As he put it himself on ‘Farmer In The City’: "It was the journey of a life..."
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Leaving Neverland (Mat Smith)
Terrifying, compulsive and legacy-defining viewing: no, not Michael Jackson’s ‘Thriller’ video, but the Leaving Neverland documentary focussed on his alleged sexual molestation of Wade Robson and James Safechuck. In unflinchingly graphic detail, Dan Reed’s film reopened an area of Jackson’s life that his 2009 death had encouraged us to overlook.
His documentary prompted a reassessment of Jackson’s legacy, radio stations to ban the fallen King of Pop’s music and angry, disbelieving fans taking out ads in defence of their hero.
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PNL take control of the Eiffel tower (Wilf Skinner)
While enigmatic French rap duo PNL have many a spectacular video, for ‘Au DD’ they chose to film at the top of the Eiffel Tower, becoming the first group to do so – and two brothers born to an Algerian mother and Corsican father who grew up in a notorious banlieue at that.
Climbing such a symbolic edifice spoke at once to their domination of the francophone scene and their desire to bring their arresting, multi-layered sound to an even wider audience.
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Lizzo's 'Juice' got us addicted (Nick Roseblade)
Lizzo has come a long way since emerging on an unsuspecting world just under a decade ago. Her brand of body positive hip-pop is a sheer joy to behold.
Along with huge beats, catchiest hooks, a wicked sense of humour she combines those intangible things that made the Beastie Boys, Missy Elliot and Princess Nokia damn hard to ignore. Her new album ‘Cuz I Love You’ will have you dancing and crying in the shower at the same time.
Lizzo is the total package and is your new Queen.
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The passing of Keith Flint (Nick Roseblade)
The Prodigy was my first musical love. They summed up everything I wanted in music: fast breakbeats, a wicked sense of humour, awesome videos and great dance moves. Flint was part of this appeal.
To a small skinny kid in Dorset who didn’t fit in with the macho bullshit of rock, the swagger of Britpop or danger of hip-hop he felt like something I could relate to. He was all about the music. Nothing else mattered.
This is how I’ll choose to remember him. A guy who just wanted to dance with his mates, but ended up defining a generation. Thank you Keith.
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Stormzy pulling out of Snowbombing (Robin Murray)
Stormzy doesn’t even need to release new material to create headlines. With his ongoing #Merky Books imprint shattering the glass ceiling in publishing, the rapper took the unprecedented step of nixing his Snowbombing slot after members of his team were subjected to what he described as “racial profiling” following reports of a weapon on site.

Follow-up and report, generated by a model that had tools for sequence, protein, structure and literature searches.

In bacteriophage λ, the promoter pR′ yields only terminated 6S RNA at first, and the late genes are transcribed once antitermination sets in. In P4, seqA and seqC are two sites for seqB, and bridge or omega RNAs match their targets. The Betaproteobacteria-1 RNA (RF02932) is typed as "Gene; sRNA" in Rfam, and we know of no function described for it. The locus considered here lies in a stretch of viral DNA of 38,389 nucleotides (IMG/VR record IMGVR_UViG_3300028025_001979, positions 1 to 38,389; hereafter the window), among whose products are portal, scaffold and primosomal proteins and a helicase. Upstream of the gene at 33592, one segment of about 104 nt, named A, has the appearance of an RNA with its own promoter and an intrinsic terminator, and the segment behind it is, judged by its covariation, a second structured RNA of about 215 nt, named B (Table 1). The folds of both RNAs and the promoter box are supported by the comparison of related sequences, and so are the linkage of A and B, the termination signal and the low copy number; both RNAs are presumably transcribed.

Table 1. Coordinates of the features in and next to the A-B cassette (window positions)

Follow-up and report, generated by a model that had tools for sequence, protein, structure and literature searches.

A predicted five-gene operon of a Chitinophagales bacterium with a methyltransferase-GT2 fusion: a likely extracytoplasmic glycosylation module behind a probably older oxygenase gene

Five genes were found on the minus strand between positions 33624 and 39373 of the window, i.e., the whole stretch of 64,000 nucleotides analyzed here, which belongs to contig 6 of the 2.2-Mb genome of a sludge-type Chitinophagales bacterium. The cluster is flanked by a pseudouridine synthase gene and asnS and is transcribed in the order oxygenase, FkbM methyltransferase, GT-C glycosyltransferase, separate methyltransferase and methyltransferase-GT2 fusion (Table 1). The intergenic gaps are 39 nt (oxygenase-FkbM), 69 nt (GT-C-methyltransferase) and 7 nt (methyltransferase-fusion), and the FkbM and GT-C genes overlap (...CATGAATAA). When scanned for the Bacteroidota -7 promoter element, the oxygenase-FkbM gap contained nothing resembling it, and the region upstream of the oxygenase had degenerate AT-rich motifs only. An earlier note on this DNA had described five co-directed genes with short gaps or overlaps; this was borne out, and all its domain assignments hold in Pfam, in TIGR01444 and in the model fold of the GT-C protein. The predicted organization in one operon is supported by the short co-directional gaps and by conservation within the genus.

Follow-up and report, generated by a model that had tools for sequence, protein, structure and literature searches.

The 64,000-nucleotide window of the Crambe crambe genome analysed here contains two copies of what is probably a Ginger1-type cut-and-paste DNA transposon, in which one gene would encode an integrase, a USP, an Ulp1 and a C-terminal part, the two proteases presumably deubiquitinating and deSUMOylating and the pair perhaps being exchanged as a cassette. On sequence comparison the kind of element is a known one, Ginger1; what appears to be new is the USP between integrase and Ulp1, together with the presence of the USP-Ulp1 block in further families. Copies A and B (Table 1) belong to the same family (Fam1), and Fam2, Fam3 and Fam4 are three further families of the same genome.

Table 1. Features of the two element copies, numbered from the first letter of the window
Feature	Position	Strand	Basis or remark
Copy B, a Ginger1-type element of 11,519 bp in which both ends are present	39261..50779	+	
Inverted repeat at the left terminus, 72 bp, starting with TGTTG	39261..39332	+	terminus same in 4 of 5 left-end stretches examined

Pulling out of the festival, he showed the full extent of his power, a demand for respect and equality that immediately caused headlines across the continent.
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Jessica Pratt giving us the winter chills (Robin Murray)
Winter is a time for bunkering down. With the weather making travel inadvisable, it’s a time for inward journeys, and this introspection has rarely sounded so potent as the work of Jessica Pratt.
Frosted Baroque flourishes made her album ‘Quiet Signs’ one of January’s most powerful listens, a work of immaculate brevity whose quiet intensity burned like the final embers of a coal fire, flickering up into the chimney.
Smoke signals for the soul.
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The Specials tapping into our political discontent (Robin Murray)
The Specials have always had perfect timing. Topping the charts with ‘Ghost Town’ as riots gripped British inner cities in 1981, the group returned earlier in the year to soundtrack another blast of nationwide discontent.
With a government in crisis and the Far Right on the rise The Specials stood up to the forces of regression on superb new album ‘Encore’, a blistering display of righteous ska with a hefty dose of punk energy.
Rarely has a comeback been so needed, so thrilling, and so timely.
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New Tame Impala material (Robin Murray)
Time moves fast in Kevin Parker’s universe. Sure, it’s been four long years since Tame Impala last released a full length record – 2015’s superb ‘Currents’ - but he’s been busy working alongside Lady Gaga.
With the Australian band reunited and back out on the road, Tame Impala have decided to show off some new material, from an album slated to land later this year. ‘Patience’ and ‘Borderline’ are two astonishing disco-flecked pieces of psych-pop, as daring as anything they’ve put their name to. Consider our interest piqued.
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Dua Lipa and St. Vincent storming the Grammy awards (Robin Murray)
Ah, the Grammy awards. Rarely a hub for progressive thought, this year saw female artists being urged to – ahem - “step up” is they fancied taking home a trophy.
Dua Lipa and St. Vincent duly obliged with one of the most staggering performances the ceremony has seen for some time, an incredible piece of pointed gender-fuckery that blended ‘Masseduction’ with Dua’s undeniable, world-beating banger ‘One Kiss’. And they made it look utterly effortless.
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Madonna’s latin-inspired evolution (Robin Murray)
Madonna’s ability to shift through sonic guises has long confounded critics, who have written her artistic obituary on countless occasions.
Blanking out her social media accounts, Madge caused all manner of speculation, before dropping her remarkable new latin-fuelled banger ‘Medellin’. A full collaboration with Colombian artist Maluma, ‘Medellin’ impacted just as the temperatures began to soar, with its teasing rhythm flexing out in clubs across the country.
Defying the haters, repulsing the purists, and delighting her fans, Madonna did what she’s always done: fascinate at every turn while never repeating her steps.